The new Arkansas Civil Rights History Audio Tour was launched in November 2015. Produced by the City of Little Rock and the University of Arkansas at Little Rock allows the many places and stories of the City’s Civil Rights history to come to life an interactive tour. This month, during Black History Month, the Culture Vulture looks at some of the stops on this tour which focus on African American history.
The 1836 Old State House, the oldest standing state capitol building west of the Mississippi River, was a center of political activity for many years. During the Civil War, Union and Confederate forces alternately occupied it. During Reconstruction, with many black men registering to vote, eight African Americans were delegates to the 1868 Constitutional Convention, held in this building.
The new constitution recognized the equality of all persons before the law, provided suffrage for freedmen, and required a system of free public education for blacks and whites (in separate schools.) By 1874, twenty black men were serving in the Arkansas General Assembly. In 1891, African American Senator George W. Bell and Representative John Grey Lucas gave inspiring speeches against the Separate Coach Law.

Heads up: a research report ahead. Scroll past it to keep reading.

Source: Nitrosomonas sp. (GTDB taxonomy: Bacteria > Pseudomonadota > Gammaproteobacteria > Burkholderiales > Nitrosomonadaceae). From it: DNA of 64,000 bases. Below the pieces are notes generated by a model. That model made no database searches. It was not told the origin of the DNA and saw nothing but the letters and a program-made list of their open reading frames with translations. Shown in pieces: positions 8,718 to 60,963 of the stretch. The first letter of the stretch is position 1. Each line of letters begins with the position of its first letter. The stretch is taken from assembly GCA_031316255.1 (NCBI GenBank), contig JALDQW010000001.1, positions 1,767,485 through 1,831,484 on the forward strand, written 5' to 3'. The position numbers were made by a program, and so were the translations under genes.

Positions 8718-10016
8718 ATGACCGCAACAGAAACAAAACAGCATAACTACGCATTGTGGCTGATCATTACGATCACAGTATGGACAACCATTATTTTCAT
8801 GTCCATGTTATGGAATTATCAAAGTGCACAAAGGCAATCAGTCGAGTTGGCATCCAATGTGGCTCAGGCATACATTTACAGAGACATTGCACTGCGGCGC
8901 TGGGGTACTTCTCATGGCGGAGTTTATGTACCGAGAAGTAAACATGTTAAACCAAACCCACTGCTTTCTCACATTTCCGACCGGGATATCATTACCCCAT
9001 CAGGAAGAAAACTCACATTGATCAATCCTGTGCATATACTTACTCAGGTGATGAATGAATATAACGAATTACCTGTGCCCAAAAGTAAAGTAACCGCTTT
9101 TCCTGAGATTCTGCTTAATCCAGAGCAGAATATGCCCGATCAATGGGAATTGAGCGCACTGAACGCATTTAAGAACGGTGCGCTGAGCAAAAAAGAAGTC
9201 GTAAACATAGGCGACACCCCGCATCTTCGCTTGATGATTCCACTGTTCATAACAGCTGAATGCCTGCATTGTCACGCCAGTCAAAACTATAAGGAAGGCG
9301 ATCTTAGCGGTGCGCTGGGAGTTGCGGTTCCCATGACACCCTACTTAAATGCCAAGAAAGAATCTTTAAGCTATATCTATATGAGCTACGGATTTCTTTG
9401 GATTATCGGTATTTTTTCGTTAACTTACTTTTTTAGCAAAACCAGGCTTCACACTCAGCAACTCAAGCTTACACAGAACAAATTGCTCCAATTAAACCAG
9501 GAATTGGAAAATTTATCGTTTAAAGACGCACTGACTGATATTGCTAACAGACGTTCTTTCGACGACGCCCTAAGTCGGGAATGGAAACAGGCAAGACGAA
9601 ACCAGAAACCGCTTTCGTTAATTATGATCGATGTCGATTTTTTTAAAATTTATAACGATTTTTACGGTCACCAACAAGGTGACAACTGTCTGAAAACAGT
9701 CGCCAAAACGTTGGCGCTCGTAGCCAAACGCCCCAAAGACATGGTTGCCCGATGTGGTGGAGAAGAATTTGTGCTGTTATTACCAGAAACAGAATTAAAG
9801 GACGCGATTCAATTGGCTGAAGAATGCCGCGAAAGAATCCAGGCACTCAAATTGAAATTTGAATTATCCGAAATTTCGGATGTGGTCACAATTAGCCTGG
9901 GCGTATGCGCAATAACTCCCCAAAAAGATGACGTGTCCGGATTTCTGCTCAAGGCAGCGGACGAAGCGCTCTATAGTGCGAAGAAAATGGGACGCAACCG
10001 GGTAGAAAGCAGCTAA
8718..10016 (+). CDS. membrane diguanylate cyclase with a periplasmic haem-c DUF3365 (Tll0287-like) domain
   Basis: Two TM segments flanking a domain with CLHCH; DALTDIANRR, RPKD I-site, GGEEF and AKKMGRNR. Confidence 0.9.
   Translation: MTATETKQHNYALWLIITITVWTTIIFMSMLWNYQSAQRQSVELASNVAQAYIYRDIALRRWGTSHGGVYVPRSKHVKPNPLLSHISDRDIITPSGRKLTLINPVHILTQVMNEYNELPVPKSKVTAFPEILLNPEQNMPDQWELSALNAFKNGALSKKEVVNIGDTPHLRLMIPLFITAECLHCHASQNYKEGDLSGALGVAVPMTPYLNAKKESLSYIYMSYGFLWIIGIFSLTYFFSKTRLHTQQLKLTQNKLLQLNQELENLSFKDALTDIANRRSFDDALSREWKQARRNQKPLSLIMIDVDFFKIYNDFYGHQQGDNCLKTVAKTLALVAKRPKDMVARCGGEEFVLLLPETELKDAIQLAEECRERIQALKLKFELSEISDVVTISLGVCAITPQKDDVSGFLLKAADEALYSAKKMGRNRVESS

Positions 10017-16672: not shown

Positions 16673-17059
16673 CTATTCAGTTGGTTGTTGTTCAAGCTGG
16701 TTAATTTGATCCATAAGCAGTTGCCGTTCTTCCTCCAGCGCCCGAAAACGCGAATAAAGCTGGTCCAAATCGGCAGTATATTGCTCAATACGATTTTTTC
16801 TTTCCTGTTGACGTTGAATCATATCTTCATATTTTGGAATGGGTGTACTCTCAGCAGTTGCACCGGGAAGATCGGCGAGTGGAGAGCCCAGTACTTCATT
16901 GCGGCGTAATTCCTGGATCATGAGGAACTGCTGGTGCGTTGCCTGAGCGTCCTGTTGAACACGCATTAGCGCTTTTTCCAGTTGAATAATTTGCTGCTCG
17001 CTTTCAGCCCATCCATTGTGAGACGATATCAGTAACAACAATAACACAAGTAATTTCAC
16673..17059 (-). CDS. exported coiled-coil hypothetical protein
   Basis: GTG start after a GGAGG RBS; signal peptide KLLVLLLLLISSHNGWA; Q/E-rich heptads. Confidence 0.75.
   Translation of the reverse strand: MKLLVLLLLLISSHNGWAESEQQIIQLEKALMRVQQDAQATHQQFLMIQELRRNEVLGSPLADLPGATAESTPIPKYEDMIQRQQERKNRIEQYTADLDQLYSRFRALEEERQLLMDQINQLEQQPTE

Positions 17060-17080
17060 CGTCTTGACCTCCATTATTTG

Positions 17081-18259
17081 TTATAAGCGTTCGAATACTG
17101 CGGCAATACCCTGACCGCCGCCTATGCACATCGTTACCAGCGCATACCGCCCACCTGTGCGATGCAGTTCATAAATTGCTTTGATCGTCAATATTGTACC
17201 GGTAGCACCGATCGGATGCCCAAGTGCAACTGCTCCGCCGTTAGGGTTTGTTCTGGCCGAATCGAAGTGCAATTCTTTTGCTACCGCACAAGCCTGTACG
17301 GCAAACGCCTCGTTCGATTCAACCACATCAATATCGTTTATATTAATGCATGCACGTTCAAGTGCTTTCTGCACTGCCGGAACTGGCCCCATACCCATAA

Now a museum, the Old State House exhibits include ones relating to African American history. “On the Stump: Arkansas Political History“ explains civil rights issues from statehood (1836) into the twentieth century. Its collections, which are searchable on-line, include quilts by black Arkansans, photographs by African American photographer Geleve Grice, and music by Louis Jordan. Portions of the Arkansas Slave Narratives, collected by the Works Progress Administration in the 1940s, are available on the web-site.
The app, funded by a generous grant from the Arkansas Humanities Council, was a collaboration among UALR’s Institute on Race and Ethnicity, the City of Little Rock, the Mayor’s Tourism Commission, and KUAR, UALR’s public radio station, with assistance from the Little Rock Convention and Visitors Bureau.